The first part felt like a monster mutant bee sting, yes, and it was painful, though bearable. The second part was not bearable, though each injection lasted only a few seconds, maybe 30 at most, it seemed like several minutes. I told the doctor that I don't care, because I'm through with this procedure, but that she should offer some sort of pain relief before giving those injections. She said she didn't know it would hurt because it was the first time they did the procedure at this hospital. Well, I said, I can see someone less able to tolerate pain jumping off the table or passing out. I suppose that if I would have screamed, she may have taken me a little more seriously. I could tell that she didn't believe me.
Then I was placed under that picture table thing, and my body temp fell, and blankets were piled on me. 40 minutes, and no traveling of that isotope at all, so they let me have a 2 minute break, where I stood up walked around and tried to get warm. After that, everything went quick. I don't know if it was the pain that dropped my metabolism, but from it's intensity, I wouldn't doubt it.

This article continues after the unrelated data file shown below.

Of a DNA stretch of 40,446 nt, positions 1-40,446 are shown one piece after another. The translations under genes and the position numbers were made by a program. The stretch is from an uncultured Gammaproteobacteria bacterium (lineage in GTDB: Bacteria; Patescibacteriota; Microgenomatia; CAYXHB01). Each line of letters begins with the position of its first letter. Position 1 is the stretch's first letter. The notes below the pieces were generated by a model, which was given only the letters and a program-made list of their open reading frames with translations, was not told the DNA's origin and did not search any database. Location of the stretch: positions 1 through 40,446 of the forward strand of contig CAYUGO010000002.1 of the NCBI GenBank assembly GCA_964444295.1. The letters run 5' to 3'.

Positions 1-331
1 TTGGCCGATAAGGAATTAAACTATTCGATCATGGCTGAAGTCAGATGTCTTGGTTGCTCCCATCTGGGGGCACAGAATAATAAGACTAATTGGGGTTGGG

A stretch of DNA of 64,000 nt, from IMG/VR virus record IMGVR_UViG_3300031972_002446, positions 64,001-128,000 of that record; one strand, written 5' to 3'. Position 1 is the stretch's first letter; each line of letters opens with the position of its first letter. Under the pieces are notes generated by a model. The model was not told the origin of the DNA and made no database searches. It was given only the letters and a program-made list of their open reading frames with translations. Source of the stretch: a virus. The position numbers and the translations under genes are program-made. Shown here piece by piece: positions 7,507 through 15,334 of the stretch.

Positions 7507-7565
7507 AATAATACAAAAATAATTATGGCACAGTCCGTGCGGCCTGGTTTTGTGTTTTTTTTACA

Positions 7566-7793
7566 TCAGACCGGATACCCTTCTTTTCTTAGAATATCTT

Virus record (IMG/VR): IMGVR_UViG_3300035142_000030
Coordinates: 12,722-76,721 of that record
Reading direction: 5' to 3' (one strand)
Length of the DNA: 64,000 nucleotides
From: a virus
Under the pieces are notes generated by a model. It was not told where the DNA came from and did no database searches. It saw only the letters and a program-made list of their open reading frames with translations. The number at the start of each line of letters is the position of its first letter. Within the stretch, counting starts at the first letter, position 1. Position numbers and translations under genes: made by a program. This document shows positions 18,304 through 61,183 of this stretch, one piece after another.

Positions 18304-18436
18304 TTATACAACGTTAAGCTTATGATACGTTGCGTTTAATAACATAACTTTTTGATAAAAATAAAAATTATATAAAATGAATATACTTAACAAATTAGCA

I hope the next person that doctor injects via her "new procedure", will be offered pain meds. If not, I hope that doctor remembers me when she gets a woman screaming hysterically and/or jumping off the table. I can handle pain, and had no narcotics after my latest surgery due to an intollerance/allergy, and am doing fine, so I know most people would not have stayed still.
My opinion -- take any pain relief that they offer.